The other important thing about CD-Roms of course is that they are interactive. Learning is no longer a matter of passively receiving information; you can become actively involved in the process, answering quizzes, manipulating images, summoning up pictures or music and pasting together your own notebook of words, images and sounds on screen.
(Tony Blair, interviewed on A Week in Politics, Channel 4, 18 February 1995)
Interactivity is a facet which is frequently mentioned in justifying ICT's educational potential. There is talk of children 'dancing in cyberspace' (John Redwood, TES, 14 April 1995) with 'Hey Presto - Encarta wallpaper!' (Davitt 1999) 'Interactive sounds as if it must be a good thing; modern but approachable, hi-tech but homely. Put alongside words such as "multimedia" and "Pentium", and you're part of the future' (Coughlan 1997).
Computers do offer colour, movement, sound and pictures to learners. This can make learning materials look much more attractive to pupils. Moreover, as Bill Gates points out (Guardian, 2 March 1995), interactivity means that 'the person controls what he or she sees or hears'; using hypertext links, learners can negotiate their own - individual - pathways through learning materials.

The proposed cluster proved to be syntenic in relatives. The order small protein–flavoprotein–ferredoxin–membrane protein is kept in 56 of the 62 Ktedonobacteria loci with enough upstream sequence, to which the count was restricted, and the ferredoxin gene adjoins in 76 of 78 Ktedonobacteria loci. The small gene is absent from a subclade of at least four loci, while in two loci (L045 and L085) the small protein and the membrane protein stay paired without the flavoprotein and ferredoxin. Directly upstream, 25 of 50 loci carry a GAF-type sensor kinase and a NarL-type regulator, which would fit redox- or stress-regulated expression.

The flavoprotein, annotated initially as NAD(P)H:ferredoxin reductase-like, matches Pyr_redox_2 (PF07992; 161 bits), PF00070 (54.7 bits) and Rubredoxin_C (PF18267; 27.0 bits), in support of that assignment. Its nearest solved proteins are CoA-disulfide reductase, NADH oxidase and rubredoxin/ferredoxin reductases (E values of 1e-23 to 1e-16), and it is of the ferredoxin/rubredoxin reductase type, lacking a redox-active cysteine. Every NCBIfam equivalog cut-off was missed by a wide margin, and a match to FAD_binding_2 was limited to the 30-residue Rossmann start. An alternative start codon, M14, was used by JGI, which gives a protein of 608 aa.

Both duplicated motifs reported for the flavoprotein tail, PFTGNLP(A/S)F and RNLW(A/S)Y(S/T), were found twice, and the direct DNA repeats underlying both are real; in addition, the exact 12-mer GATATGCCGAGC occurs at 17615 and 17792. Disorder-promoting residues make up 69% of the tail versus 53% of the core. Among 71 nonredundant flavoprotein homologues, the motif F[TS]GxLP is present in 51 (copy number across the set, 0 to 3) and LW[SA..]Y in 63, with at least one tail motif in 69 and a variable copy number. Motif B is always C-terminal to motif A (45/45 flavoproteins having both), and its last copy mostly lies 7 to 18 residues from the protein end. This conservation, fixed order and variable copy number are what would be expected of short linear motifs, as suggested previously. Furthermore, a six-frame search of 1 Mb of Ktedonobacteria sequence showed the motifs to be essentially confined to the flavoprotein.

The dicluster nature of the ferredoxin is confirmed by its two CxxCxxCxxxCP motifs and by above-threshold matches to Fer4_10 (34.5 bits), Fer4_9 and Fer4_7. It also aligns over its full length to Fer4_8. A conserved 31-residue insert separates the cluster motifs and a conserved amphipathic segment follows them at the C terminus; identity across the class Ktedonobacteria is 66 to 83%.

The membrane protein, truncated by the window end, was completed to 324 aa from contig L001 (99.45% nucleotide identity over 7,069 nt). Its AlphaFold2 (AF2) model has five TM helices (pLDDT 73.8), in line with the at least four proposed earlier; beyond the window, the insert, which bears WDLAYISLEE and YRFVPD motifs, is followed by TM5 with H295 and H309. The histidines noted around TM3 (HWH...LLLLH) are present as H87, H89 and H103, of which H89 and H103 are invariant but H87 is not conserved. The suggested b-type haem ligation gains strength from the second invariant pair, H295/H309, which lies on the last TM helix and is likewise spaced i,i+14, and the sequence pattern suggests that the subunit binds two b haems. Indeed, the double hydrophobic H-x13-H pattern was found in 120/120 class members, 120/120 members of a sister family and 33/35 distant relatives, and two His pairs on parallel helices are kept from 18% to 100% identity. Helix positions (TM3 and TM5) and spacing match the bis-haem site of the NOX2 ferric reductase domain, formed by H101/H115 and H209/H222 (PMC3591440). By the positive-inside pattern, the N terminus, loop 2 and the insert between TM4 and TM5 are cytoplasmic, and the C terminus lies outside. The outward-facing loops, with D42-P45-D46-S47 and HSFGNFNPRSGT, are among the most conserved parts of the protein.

The problem with this is that in terms of their interaction with the materials, learners sometimes do fairly low-level, meretricious or even pointless things with the data given, either uncritically accumulating information, or using hyperlinks to browse 'pinball' fashion around a topic, often using hyperlinks to avoid going near screens which have too much text on them (Hillis 2002). Josie Taylor of the Open University